Cardiovascular Disease Risk Factors in Youth With Diabetes Mellitus

Cardiovascular Disease Risk Factors in Youth With Diabetes Mellitus


(soft electronic music) – Hello, my name is Dr. David Maahs. I’m a pediatric endocrinologist at the Barbara Davis Center
for Childhood Diabetes, at the University of Colorado Denver, and the Children’s Hospital Colorado. And I’m speaking to you today about a recent scientific statement from the American Heart Association on cardiovascular disease risk factors in youth with diabetes. And I’m speaking as the
co-chair for this writing group. There are many important
reasons for this statement. Both type one and type two
diabetes are increasing in youth. We know that cardiovascular disease is one of the leading causes
of morbidity and mortality in people with diabetes. And, in the past decade, there have been several
published guidelines on cardiovascular disease risk factors, their identification and
treatment in youth with diabetes. And so in this scientific summary, these guidelines are reviewed, new developments in the
field are summarized, including a lot of the key research that’s been done in the last decade. We also outline future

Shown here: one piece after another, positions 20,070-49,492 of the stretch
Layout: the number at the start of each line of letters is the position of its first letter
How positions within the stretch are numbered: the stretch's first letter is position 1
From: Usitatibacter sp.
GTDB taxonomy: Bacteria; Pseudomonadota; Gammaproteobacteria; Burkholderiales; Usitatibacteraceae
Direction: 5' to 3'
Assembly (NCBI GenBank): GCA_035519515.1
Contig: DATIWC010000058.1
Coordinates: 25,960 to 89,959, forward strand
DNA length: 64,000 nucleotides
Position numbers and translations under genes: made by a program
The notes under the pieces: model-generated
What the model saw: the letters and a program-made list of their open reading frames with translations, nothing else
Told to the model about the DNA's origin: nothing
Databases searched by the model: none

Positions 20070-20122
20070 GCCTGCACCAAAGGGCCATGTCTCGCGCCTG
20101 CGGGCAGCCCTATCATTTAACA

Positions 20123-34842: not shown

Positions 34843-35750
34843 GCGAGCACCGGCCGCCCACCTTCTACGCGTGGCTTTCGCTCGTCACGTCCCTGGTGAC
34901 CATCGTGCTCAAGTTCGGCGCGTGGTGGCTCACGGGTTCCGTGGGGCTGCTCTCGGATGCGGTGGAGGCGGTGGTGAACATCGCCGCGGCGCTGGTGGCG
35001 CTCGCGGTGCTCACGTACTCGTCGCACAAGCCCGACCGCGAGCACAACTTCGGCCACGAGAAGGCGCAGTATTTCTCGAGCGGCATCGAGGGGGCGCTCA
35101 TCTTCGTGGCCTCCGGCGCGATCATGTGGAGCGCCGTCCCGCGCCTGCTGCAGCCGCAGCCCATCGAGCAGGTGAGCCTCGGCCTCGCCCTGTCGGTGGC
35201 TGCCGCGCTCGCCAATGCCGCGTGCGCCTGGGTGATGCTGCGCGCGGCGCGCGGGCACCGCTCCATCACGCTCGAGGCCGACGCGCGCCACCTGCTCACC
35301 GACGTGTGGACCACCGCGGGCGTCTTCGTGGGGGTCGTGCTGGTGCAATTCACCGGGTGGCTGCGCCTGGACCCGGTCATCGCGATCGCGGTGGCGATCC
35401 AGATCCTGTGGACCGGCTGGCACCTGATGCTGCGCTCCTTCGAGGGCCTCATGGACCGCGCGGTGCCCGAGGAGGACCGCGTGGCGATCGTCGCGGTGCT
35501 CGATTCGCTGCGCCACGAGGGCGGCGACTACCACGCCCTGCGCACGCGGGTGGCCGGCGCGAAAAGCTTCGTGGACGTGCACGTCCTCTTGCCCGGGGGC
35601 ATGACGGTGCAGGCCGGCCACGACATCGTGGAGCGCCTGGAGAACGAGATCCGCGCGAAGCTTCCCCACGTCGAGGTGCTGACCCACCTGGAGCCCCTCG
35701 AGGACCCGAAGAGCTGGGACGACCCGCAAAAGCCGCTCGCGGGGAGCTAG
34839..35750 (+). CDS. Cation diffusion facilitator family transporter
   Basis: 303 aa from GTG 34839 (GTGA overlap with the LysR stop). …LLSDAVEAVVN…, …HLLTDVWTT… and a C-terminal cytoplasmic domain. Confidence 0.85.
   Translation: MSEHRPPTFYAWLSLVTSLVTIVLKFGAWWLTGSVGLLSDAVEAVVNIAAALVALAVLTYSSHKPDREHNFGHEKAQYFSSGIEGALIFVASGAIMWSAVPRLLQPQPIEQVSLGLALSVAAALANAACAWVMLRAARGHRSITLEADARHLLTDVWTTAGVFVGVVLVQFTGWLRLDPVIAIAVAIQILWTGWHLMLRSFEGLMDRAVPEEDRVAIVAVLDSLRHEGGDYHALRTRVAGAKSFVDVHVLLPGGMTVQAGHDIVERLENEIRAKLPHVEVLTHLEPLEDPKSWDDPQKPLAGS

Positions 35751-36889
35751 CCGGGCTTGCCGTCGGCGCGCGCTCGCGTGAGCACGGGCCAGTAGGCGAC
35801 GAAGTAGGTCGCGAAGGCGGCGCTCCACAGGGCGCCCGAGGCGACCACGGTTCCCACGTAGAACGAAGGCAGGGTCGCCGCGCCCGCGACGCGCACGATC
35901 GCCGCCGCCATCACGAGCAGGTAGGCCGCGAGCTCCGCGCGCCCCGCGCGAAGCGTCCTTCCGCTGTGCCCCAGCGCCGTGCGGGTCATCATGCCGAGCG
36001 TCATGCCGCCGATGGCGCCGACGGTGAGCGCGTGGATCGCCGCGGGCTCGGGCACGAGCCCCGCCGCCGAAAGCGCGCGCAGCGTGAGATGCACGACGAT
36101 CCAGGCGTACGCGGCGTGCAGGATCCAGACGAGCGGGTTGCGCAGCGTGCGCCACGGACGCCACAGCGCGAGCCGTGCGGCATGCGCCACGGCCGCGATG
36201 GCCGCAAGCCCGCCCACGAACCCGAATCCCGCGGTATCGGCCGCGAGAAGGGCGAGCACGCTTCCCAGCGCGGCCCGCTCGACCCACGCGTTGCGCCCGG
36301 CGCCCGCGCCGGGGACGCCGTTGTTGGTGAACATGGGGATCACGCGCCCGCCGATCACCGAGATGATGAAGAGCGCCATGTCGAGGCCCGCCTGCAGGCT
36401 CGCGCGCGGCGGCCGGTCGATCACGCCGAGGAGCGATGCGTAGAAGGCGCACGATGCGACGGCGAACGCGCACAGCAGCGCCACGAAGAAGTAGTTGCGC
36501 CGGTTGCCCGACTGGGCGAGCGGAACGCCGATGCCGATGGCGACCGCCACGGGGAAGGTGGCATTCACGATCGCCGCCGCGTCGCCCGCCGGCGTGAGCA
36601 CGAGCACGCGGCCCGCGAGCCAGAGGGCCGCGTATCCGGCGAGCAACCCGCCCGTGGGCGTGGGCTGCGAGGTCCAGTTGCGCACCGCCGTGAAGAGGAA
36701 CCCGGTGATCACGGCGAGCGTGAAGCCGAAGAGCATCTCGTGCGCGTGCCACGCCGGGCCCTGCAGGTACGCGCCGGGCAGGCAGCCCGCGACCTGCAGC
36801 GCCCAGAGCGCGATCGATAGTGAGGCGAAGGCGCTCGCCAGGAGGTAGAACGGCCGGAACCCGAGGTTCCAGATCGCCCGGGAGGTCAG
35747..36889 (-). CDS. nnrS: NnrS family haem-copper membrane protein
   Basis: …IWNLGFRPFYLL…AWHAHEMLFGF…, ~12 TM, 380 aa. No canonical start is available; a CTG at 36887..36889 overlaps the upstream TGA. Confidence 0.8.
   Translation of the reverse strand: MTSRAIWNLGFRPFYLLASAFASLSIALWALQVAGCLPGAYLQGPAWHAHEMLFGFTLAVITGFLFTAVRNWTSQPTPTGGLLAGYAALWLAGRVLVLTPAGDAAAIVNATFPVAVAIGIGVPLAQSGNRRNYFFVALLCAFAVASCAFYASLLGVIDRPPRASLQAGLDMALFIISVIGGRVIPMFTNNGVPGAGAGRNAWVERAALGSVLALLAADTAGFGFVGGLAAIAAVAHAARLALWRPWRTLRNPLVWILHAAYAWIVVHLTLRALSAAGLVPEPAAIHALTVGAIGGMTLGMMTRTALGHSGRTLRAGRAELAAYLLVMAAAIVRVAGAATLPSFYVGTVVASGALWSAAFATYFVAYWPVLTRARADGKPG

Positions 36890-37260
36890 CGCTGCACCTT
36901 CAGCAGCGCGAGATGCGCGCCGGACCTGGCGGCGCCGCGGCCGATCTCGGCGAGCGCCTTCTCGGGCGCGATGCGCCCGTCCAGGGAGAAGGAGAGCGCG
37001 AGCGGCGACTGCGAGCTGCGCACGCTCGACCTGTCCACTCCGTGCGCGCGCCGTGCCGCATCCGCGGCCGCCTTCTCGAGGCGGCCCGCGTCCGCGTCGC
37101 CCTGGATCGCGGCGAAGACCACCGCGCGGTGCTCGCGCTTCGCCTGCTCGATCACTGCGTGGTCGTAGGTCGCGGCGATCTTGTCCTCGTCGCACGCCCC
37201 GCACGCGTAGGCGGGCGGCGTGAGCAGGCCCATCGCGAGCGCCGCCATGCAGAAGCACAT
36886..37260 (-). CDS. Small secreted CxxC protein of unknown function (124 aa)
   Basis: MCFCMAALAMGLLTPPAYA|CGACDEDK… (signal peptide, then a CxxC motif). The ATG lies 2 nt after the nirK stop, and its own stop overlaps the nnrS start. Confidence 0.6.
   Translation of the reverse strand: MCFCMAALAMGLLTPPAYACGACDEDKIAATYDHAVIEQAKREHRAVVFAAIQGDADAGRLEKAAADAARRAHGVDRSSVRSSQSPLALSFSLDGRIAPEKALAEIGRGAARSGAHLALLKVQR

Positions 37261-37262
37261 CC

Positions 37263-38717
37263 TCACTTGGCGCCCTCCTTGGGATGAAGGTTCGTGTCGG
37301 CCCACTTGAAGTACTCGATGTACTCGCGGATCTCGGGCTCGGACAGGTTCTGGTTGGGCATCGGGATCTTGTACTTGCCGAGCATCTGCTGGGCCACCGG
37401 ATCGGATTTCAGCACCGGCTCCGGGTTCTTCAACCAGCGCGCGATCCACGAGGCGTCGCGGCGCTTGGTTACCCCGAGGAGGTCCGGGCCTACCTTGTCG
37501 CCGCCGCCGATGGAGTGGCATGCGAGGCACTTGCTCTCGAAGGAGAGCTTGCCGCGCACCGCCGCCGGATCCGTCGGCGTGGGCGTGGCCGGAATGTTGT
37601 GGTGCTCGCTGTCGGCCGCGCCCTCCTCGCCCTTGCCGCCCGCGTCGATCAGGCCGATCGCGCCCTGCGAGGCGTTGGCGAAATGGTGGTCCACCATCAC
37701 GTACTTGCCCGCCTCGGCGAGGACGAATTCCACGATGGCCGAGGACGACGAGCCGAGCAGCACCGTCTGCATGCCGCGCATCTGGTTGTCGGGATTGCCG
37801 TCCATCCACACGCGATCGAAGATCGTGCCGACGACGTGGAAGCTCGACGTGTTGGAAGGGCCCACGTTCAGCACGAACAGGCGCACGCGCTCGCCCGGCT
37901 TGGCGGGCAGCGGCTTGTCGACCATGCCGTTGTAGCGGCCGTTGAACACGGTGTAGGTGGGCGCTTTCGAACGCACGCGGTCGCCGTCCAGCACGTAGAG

research and clinical needs to improve cardiovascular health
and risk factor management in youth with diabetes. The goals of this statement include, to increase the awareness of cardiovascular disease risk factors and their identification,
as well as their prevention, as well as the treatment
of these risk factors to improve cardiovascular
health in youth with diabetes by encouraging advancement in
research and clinical care. So, this scientific statement
complements a recent American Heart Association
statement on type one diabetes and cardiovascular disease by now focusing on youth with diabetes. And in youth with diabetes,
type one diabetes, accounts for 80 to 90 percent of diabetes. But our statement also includes, then, details on type two diabetes in youth and cardiovascular disease risk factors. And, as we know, type two
diabetes is an emerging concern in pediatric medicine. So our writing group includes
a broad range of expertise, including pediatric
cardiologists, endocrinologists, necrologists, behavioral scientists, and pediatric nursing
representation as well. Some of the key messages
for clinicians and patients are that, one, elevated
cardiovascular disease risk factors do exist in youth with diabetes. Second, that current
guidelines should be followed for screening, as well as appropriate then therapy for abnormalities, which includes lifestyle change and, in select cases,
pharmacologic treatment. In summary, we believe that
this new scientific statement provides a state-of-the-art review of cardiovascular disease
risk in youth with diabetes and can set the stage to
improve care, improve research, and improve outcomes for
these children with diabetes. Thank you. (soft electronic music)